UK government bought hundreds of Zoom accounts despite security risk

Source: TechRadar

The popularity of Zoom has hit a new high in the UK government, which has been warned over its use of the service following a number of high-profile security incidents.

The video conferencing service has seen a huge rise in users over the past few months due to global lockdowns put in place by coronavirus, but with this boom has come increased scrutiny.

This included warnings from the UK National Cyber Security Centre (NCSC) over Zoom's level of safety, including cyberattacks and possible data privacy issues.

Zoom security

"Zoom is being used for unclassified communications in Government under unprecedented circumstances," a Government spokesperson told The Mirror.

“Other services are in place for more sensitive communications, and the availability of these services is being increased to meet the demand of more staff having to work remotely."

However an FOI request by the Parliament Street think tank has found that a total of 731 Zoom licences have been ordered by the main Government departments since the beginning of the outbreak. 

This includes 550 Zoom accounts purchased by the Ministry of Defence (MoD), 150 from the Cabinet Office, 15 from the Foreign and Commonwealth Office (FCO), eight from the Home Office and five from the Treasury.

These six key departments were also found to have heavily invested in new devices to enable employees to work from home, with 41,300 new laptops, tablet computers, and mobile phones acquired in order to help staff remotely.

This figure included 27,589 new laptops, 4,011 tablet computers and 9,700 mobile phones, with the MoD again investing the most, purchasing 13,500 new laptops (and 9,467 new Microsoft Office 365 accounts), 3,263 new tablets and 2,200 new mobile phones.

This spending spree was not seen across all areas of the government though, as the Department for Transport and the FCO both revealed that they had not purchased any new devices in response to the Coronavirus outbreak.

“The Covid-19 crisis has seen millions of new users sign up to Zoom to host meetings and provide important updates to employees working remotely," noted Paul Farrington, EMEA, Chief Technology Officer, Veracode.

"However, in recent weeks a series of security missteps and bugs have been discovered, which raise fresh questions about the cyber risks and privacy issues associated with online conference systems.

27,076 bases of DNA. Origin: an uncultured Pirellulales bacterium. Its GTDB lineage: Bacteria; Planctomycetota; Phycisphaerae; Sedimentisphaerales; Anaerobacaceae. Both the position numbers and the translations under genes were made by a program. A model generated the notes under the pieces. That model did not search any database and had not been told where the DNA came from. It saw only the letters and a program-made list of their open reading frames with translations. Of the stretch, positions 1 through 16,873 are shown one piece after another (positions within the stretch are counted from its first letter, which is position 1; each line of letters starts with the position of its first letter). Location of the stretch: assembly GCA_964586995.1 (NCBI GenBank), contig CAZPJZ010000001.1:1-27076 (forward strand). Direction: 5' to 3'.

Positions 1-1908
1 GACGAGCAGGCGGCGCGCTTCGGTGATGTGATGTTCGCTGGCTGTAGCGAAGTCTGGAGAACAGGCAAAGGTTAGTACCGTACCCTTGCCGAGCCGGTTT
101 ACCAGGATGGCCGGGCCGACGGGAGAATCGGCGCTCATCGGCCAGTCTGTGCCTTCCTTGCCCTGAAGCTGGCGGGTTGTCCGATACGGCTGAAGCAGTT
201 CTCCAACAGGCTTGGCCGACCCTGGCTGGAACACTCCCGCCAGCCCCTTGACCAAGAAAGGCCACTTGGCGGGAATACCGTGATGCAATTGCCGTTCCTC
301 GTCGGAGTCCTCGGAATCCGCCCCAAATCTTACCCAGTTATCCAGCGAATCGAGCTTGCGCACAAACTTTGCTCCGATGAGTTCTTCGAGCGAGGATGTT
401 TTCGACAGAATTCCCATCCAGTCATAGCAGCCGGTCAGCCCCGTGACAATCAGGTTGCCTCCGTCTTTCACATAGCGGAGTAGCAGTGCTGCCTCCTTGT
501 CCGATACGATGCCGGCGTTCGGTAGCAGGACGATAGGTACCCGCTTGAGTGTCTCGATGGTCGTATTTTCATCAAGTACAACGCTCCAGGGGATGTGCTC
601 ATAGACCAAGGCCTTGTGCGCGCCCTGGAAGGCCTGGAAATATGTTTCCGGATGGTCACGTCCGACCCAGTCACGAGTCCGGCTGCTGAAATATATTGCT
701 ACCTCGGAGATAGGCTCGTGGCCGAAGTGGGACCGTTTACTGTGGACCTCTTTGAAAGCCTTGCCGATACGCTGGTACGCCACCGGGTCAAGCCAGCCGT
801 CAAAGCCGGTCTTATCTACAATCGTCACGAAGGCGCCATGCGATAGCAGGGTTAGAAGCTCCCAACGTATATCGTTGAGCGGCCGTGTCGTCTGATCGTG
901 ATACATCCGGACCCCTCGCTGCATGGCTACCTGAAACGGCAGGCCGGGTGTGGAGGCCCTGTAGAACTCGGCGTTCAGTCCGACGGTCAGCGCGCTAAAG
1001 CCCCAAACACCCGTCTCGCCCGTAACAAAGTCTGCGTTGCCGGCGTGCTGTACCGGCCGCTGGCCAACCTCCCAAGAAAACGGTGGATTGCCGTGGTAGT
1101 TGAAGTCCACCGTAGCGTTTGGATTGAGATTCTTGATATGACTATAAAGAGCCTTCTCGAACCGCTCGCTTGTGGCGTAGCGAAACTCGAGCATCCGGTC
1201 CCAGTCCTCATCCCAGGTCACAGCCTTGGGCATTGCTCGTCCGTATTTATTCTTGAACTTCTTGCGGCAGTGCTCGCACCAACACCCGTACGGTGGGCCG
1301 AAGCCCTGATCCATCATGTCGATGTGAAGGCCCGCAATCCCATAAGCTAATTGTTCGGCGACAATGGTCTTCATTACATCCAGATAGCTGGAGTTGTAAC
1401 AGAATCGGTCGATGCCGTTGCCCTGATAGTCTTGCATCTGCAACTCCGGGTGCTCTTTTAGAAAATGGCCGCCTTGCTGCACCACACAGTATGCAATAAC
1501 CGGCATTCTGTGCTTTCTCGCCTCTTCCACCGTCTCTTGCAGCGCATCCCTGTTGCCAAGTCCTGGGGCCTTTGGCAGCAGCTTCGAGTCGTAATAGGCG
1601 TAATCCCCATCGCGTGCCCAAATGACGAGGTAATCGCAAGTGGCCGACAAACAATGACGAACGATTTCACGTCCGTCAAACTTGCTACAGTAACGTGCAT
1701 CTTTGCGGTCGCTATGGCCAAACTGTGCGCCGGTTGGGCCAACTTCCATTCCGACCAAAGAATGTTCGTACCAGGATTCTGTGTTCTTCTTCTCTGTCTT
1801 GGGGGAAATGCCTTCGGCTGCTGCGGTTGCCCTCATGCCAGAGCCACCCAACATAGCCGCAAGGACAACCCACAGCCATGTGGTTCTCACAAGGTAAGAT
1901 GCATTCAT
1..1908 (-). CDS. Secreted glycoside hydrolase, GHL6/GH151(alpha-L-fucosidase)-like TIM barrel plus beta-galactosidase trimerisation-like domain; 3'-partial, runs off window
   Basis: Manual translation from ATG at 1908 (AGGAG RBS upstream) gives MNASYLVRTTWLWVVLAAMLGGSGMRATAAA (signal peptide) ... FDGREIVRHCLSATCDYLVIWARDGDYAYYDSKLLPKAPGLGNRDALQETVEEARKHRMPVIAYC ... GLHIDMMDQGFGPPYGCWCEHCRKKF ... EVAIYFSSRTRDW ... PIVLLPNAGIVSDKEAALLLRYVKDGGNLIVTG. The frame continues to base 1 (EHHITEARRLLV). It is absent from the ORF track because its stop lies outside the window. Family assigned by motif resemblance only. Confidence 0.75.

"With this in mind, it’s critical that key government departments are cautious if using the platform for sensitive meetings, around national security, and public health. With cyber attacks on the rise, it’s also crucial that users ensure they have downloaded the latest versions of these applications, to prevent hackers from gaining access and stealing data.”

The popularity of Zoom has hit a new high in the UK government, which has been warned over its use of the service following a number of high-profile security incidents.

The video conferencing service has seen a huge rise in users over the past few months due to global lockdowns put in place by coronavirus, but with this boom has come increased scrutiny.

This included warnings from the UK National Cyber Security Centre (NCSC) over Zoom's level of safety, including cyberattacks and possible data privacy issues.

Zoom security

"Zoom is being used for unclassified communications in Government under unprecedented circumstances," a Government spokesperson told The Mirror.

“Other services are in place for more sensitive communications, and the availability of these services is being increased to meet the demand of more staff having to work remotely."

However an FOI request by the Parliament Street think tank has found that a total of 731 Zoom licences have been ordered by the main Government departments since the beginning of the outbreak. 

This includes 550 Zoom accounts purchased by the Ministry of Defence (MoD), 150 from the Cabinet Office, 15 from the Foreign and Commonwealth Office (FCO), eight from the Home Office and five from the Treasury.

These six key departments were also found to have heavily invested in new devices to enable employees to work from home, with 41,300 new laptops, tablet computers, and mobile phones acquired in order to help staff remotely.

This figure included 27,589 new laptops, 4,011 tablet computers and 9,700 mobile phones, with the MoD again investing the most, purchasing 13,500 new laptops (and 9,467 new Microsoft Office 365 accounts), 3,263 new tablets and 2,200 new mobile phones.

This spending spree was not seen across all areas of the government though, as the Department for Transport and the FCO both revealed that they had not purchased any new devices in response to the Coronavirus outbreak.

“The Covid-19 crisis has seen millions of new users sign up to Zoom to host meetings and provide important updates to employees working remotely," noted Paul Farrington, EMEA, Chief Technology Officer, Veracode.

"However, in recent weeks a series of security missteps and bugs have been discovered, which raise fresh questions about the cyber risks and privacy issues associated with online conference systems. 

"With this in mind, it’s critical that key government departments are cautious if using the platform for sensitive meetings, around national security, and public health. With cyber attacks on the rise, it’s also crucial that users ensure they have downloaded the latest versions of these applications, to prevent hackers from gaining access and stealing data.”

Read more at TechRadar

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